Palm Beach County officials say they had an openly lesbian mayor long before Key West. Cloud Lake, with a population of about 135, elected Betty James mayor in 2007 while Palm Beach Shores, with about 1,100 residents, first elected Mayor Myra Koutzen in 2013.

“We have had two in Palm Beach County,” said Judge Rand Hoch, president and founder of the Palm Beach County Human Rights Council. “And there are probably more.”

Pollitzer didn’t contest Hoch but said Key West is a major destination on the Florida map in comparison to the Palm Beach cities.

“We’re thrilled Teri and the Key West community have broken another glass ceiling for Florida.,” Pollitzer said.

Tuesday was a night of several big firsts for lesbian candidates in Florida. Jennifer Webb from St. Petersburg was elected the first lesbian member of the Florida Legislature and Sarah Fortney from Polk County became the state’s first LGBT school board member, Pollitzer said. “That’s great progress and it also shows we have more work to do.”

Johnston, 67, is also only the second woman elected city mayor and the first since Sheila Mullins held the office in the late 1990s.

Johnston won all 10 Key West precincts, totaling 6,636 votes, taking more than 60 percent in all of them except for one, a New Town polling site at the Jaycee Clubhouse where Romero took 43 percent.

What was stunning about the campaign was the disparity in spending. Johnston raised more than $116,000 and plunked down $111,330 while Romero raised about $17,000 and spent nearly $16,000, according to the running tally kept by the Monroe County Supervisor of Elections.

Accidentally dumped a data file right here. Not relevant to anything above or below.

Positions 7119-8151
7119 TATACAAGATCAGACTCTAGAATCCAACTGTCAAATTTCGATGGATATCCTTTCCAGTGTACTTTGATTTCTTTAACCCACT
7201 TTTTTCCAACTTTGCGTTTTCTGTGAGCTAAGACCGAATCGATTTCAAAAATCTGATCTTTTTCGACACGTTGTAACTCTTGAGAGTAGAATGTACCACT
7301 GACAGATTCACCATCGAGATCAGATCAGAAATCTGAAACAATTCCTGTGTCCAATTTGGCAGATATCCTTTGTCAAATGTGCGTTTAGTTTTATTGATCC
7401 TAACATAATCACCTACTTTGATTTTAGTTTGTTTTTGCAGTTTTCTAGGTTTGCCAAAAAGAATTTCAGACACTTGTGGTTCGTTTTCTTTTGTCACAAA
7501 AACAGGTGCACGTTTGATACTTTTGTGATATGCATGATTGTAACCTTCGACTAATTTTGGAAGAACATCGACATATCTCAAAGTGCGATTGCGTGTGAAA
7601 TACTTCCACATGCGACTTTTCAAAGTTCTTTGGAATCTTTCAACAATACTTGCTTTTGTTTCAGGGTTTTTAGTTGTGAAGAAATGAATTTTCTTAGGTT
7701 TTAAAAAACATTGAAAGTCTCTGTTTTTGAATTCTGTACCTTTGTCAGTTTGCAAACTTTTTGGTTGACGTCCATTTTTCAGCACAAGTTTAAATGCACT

Johnston said she knew she would win.

“I had great confidence,” she said. “I had tremendous support throughout the community. We have a new commission that is willing to look at new approaches to our long-term issues. Also, we’ve got a community willing to roll up its sleeves.

Johnston, who will be sworn in on Nov. 19, succeeds Mayor Craig Cates, who first took office in 2009. Cates was term-limited and endorsed Johnston.

As a girl growing up in Iowa, Johnston said she never dreamed she would be involved in politics.

“Absolutely not,” she said. “The reason I got into politics is because of FIRM (Fair Insurance Rates In Monroe). We had such a positive outcome dealing with legislators and Tallahassee. It really piqued my interest in continuing on in that advocacy role for the people.”

For a small town of about 25,000 year-round residents, Key West has some huge problems: climate change and a dire housing shortage, particularly for the working class.

“I think every community in the U.S. has a housing issue right now,” Johnston said. “We’re practically strapped because we’re a tourist destination, the Navy is here and we’ve got such a restriction on land. Our solutions are so much more challenging than many other communities.”

She also wants to see the city’s most famous thoroughfare, Duval Street, get a good scrubbing. She plans to form a committee made up of Duval business owners and other residents.

“We want to make it the most desirable spot to visit and have our residents enjoy it again.”